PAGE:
Tuesday, November 18, 2008

A Healthy Obsession of Shellfish

I'm in love with smoked fish.
Sure, I love smoked salmon on a salad and gravlox with capers, but I also love smoked mussels and smoked oysters right out of the can. "That's not ultra farmer-market fresh" you might say, but throw that smokey, delicious shellfish onto a farmer market salad and perhaps we can come to some sort of an agreement. I'll take a smoked trout salad with avocado on butter lettuce over a foie gras topped filet Mignon any day of the week.

Perhaps it's the imitation crab sticks in the refrigerator snack drawer that were always there, or the 2 pounds of steamed clams that was often a favorite of my mothers as an ideal main course for dinner. I can see the large bowl of grey, steaming clams, mouths wide in the middle of our family table, my brother and I with our little dishes of melted butter, and my dad- always with his bread and butter to soak up the clams' juices.
I remember playing Atari in the living room with my brother and as a snack, we would be given a fork and kippered fish still in the can. Healthy for sure- all those lovely omega-3s, but a bit odd compared to apple slices that most kids ate. Of course we ate tuna fish sandwiches, but my restless Gemini mother knew there were more fish options out there- be it canned, fresh, cracked, fried or smoked, we tried them all. Sometimes we were given half of a steamed Dungeness crab over newspaper, creamy oyster stew with sourdough or shellfish-rich cioppino for our Christmas dinner.

I could blame it on my scant amount of Norwegian ancestry or my cravings for oily-rich vitamin D for my Seattle skin-what ever the reason for my salty seafood cravings, one thing is certain,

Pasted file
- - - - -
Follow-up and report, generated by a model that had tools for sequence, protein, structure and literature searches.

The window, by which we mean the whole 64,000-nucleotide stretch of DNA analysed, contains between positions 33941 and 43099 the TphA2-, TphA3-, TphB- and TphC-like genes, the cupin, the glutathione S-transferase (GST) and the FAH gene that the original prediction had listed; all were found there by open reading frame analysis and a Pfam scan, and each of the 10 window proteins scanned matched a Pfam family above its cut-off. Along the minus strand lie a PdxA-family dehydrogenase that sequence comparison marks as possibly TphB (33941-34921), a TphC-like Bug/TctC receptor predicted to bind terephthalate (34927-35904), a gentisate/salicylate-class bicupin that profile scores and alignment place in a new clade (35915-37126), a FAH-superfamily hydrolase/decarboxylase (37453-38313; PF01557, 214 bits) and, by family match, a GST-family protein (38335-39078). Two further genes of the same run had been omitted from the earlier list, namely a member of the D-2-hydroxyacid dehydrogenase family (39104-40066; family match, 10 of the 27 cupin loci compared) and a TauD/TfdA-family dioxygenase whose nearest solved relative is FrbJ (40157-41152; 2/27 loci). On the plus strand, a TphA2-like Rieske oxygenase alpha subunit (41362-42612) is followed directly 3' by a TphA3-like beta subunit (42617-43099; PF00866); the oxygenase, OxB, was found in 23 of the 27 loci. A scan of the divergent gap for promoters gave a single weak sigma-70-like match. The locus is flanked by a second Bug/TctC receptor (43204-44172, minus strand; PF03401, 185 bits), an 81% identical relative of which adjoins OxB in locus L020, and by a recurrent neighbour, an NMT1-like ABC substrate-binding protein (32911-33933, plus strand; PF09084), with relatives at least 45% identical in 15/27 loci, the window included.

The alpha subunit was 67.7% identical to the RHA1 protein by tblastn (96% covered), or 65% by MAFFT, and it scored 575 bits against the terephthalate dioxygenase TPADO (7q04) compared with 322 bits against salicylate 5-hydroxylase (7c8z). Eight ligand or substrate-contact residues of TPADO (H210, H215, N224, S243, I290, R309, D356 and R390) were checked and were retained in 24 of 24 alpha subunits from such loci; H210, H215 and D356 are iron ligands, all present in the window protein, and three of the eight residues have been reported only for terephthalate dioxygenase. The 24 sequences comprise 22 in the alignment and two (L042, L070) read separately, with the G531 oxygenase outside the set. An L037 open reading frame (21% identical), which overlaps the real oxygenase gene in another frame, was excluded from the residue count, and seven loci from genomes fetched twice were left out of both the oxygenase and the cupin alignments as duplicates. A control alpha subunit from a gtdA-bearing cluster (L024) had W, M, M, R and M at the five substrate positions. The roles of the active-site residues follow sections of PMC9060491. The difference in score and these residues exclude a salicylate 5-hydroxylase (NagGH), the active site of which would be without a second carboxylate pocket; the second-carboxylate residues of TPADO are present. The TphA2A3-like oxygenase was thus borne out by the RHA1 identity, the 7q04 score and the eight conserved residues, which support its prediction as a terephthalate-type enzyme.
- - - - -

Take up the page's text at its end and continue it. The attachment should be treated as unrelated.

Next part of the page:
I believe there is an incredible under estimation of the beauty of smoked and canned seafood. All of these delicious memories should indeed be followed by a canned or smoked recipe. So here you go:

Picnic of Smoked Oysters and Gooey Brie
Makes 1 picnic plate for 2

1 can of good quality smoked oysters
6 slices ripe pear or crisp apple
6 slices of ripe avocado
1 demi fresh baguette artisan bread, sliced
One 3 oz. piece of triple cream French brie (or camembert)
2 c. fresh torn lettuce, (mix baby greens or butter lettuce)
high quality extra virgin olive oil
coarse salt and cracked black pepper
** Wine pairing suggestion: a bright Pinot Gris, mineral Rose or a crisp Riesling

Open the can of oysters and place them on a small plate. Place that plate onto a large platter. Arrange the pear, avocado, baguette slices around the plate. Place the wedge of gooey cheese onto the platter with a broad cheese knife. Toss the greens with a little olive oil and salt and pepper and distribute greens onto two serving plates. Encourage your guest to spread the gooey cheese onto a slice of bread and top it with a smoked oyster. Or try a baguette slice with cheese and avocado, or cheese and pear. The idea is to encourage flavor experimentation. The basic olive oil greens add a nice simple salad in contrast to the rich cheese and oysters. Like with any recipe- adding or subtracting different ingredients is all part of the cooking process. Perhaps add some duck rillet or tangerine slices to this simple picnic.

1 comment:

Gemini Mother said...

Maybe this article should be titled "how to raise a foodie." I think the big lesson here is to expose your children to a lot of different food as they are growing up if you want an adult who really appreciates good food. There is nothing more enjoyable for a cook than to prepare a meal for someone who really enjoys eating. Cooking for a picky eater is so boring!
How many 3 year olds will eat oysters! You did! But to be fair you were also served those horrid frozen fish sticks!
Candy (the Gemini Mother)